Inside Britain’s Sharia courts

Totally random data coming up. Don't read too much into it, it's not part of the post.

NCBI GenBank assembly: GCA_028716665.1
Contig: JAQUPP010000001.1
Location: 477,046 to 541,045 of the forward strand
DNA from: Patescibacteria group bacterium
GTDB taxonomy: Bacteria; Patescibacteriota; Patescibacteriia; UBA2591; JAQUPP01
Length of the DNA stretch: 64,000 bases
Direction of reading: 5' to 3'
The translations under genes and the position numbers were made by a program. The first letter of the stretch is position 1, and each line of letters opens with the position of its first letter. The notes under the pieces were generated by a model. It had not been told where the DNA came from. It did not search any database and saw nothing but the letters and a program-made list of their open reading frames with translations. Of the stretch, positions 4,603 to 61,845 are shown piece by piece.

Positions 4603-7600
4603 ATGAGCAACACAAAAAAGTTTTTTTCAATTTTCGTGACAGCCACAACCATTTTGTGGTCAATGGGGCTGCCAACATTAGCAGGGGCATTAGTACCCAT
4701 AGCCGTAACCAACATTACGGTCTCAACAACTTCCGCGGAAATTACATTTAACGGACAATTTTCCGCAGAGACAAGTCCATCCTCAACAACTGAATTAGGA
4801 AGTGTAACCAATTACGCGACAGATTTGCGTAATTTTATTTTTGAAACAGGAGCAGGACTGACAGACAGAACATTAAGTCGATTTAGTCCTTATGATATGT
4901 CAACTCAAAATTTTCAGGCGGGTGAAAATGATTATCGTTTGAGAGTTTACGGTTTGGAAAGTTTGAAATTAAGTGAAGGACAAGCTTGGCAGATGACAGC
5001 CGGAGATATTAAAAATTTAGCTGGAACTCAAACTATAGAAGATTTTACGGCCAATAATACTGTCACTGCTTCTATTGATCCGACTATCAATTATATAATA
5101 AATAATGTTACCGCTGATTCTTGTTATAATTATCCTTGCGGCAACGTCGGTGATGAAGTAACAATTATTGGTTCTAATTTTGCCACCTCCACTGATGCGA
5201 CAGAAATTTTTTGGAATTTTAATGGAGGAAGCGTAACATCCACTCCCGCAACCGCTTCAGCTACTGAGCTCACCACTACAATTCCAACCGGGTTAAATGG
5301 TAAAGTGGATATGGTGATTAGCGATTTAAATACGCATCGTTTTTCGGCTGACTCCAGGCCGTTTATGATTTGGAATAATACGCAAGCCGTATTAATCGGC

This article describes a new BBC documentary that goes undercover in Britain’s Islamic courts. The documentary reveals some shocking discrimination suffered by women. In Leyton Islamic Sharia Council, the oldest and most active such council in the country, scholars hear about 50 cases a month, most of them marital disputes. Nine out of 10 cases brought forth are by women. No one knows how many there are in Britain today, although some estimate at least 85. Although they cannot enforce their judgments, these councils control the lives of many Muslims. But according to the article the pressure from Sharia councils and the community they serve is causing suffering as islamic rulings are not always in the interests of women and can run counter to British law. There are more worrying cases involving domestic violence and children. The court in Leyton is reported to have said that with children if a marriage ends, the question of access to both parents is crucial. Safety is paramount and any UK court order must be followed. Sharia courts are putting women at risk of violence from abusive husbands, the Crown Prosecution Service has warned. The courts, which issue rulings according to Islamic law, have been found to be giving Muslim women advice which experts warned may place them in danger. Nazir Afzal, the head of the Crown Prosecution Service in the north-west of England, who is a Muslim and who has spoken out against honour-based domestic violence, said he was “disappointed but not surprised” by what he was shown.